In 1932, Australia Declared War On Emus—And Lost

The Great Emu War in Western Australia was a bizarre and futile effort.

Here is a sentence that is at once absurd yet unsurprising: in 1932, Australia declared war on emus.

This is not an early April Fool's joke; the above video shows the very real Great Emu War of Western Australia, in which soldiers with machine guns were deployed to fight off the flightless birds.

What did the emus do to deserve armed combat? Western Australian farmers had been facing hard times with their crops following the Great Depression, and their difficulties increased tenfold with the arrival of some 20,000 emus migrating inland during their breeding season. 

The farmers relayed their concerns to the government, which called upon a deputation of ex-soldiers from the first World War, who requested the use of machine guns to fight off the emus.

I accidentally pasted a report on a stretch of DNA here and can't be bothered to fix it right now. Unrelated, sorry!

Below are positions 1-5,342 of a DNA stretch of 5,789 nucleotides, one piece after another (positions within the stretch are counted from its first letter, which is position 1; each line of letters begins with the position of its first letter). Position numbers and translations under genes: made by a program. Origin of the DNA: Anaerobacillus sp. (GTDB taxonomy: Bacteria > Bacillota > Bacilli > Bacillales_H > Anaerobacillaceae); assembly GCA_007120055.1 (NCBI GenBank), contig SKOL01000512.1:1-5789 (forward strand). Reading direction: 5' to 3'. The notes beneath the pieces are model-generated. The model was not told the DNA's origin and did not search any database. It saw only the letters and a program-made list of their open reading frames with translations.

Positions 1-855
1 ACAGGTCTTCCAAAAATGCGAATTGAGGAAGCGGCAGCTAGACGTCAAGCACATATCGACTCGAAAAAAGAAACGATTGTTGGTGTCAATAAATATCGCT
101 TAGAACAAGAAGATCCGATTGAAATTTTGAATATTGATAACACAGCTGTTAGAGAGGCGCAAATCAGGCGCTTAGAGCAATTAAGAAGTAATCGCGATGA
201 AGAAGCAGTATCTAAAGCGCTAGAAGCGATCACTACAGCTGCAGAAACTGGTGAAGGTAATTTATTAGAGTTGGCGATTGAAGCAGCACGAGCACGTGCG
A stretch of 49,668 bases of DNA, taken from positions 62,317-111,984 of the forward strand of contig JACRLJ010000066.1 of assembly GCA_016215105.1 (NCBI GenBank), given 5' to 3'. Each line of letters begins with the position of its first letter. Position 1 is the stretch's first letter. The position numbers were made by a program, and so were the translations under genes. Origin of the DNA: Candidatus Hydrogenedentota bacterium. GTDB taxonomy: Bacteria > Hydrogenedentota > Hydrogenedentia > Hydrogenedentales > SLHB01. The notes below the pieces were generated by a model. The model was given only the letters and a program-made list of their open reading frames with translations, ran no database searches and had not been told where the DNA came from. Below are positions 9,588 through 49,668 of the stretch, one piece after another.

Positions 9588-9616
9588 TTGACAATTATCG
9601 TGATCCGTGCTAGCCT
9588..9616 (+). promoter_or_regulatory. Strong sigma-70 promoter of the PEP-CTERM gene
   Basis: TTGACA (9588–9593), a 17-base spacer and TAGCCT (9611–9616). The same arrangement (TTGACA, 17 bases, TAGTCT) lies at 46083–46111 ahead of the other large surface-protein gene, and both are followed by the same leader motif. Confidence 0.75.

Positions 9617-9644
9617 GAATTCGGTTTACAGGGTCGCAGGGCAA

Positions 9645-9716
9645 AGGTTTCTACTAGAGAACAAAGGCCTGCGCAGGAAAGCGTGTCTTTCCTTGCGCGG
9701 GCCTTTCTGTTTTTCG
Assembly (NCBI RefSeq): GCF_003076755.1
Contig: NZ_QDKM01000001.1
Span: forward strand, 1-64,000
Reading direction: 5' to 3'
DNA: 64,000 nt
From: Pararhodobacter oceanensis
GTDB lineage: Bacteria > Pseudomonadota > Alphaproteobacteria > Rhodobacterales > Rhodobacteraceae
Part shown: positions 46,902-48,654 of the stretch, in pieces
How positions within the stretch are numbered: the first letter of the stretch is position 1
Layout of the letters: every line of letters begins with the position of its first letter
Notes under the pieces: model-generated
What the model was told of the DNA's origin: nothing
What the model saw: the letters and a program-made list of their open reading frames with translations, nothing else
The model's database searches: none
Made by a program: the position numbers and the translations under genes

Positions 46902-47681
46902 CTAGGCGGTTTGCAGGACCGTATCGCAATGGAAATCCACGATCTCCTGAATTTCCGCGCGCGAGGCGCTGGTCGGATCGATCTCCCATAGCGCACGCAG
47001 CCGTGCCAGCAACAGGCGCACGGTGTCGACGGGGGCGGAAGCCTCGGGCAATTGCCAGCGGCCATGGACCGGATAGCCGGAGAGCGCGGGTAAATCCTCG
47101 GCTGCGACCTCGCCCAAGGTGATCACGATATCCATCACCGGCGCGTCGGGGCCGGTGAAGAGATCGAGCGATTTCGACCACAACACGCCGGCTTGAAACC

The ensuing Emu War has been summarized thusly by ornithologist D.L. Serventy: 

The machine-gunners’ dreams of point blank fire into serried masses of Emus were soon dissipated. The Emu command had evidently ordered guerrilla tactics, and its unwieldy army soon split up into innumerable small units that made use of the military equipment uneconomic. A crestfallen field force therefore withdrew from the combat area after about a month.

Despite the above clip, in which the human soldiers fire their Lewis guns with vigor, it was the emus that came out victorious in the Great Emu War of 1932. The birds remain plentiful in the areas outside of Perth to this day. 

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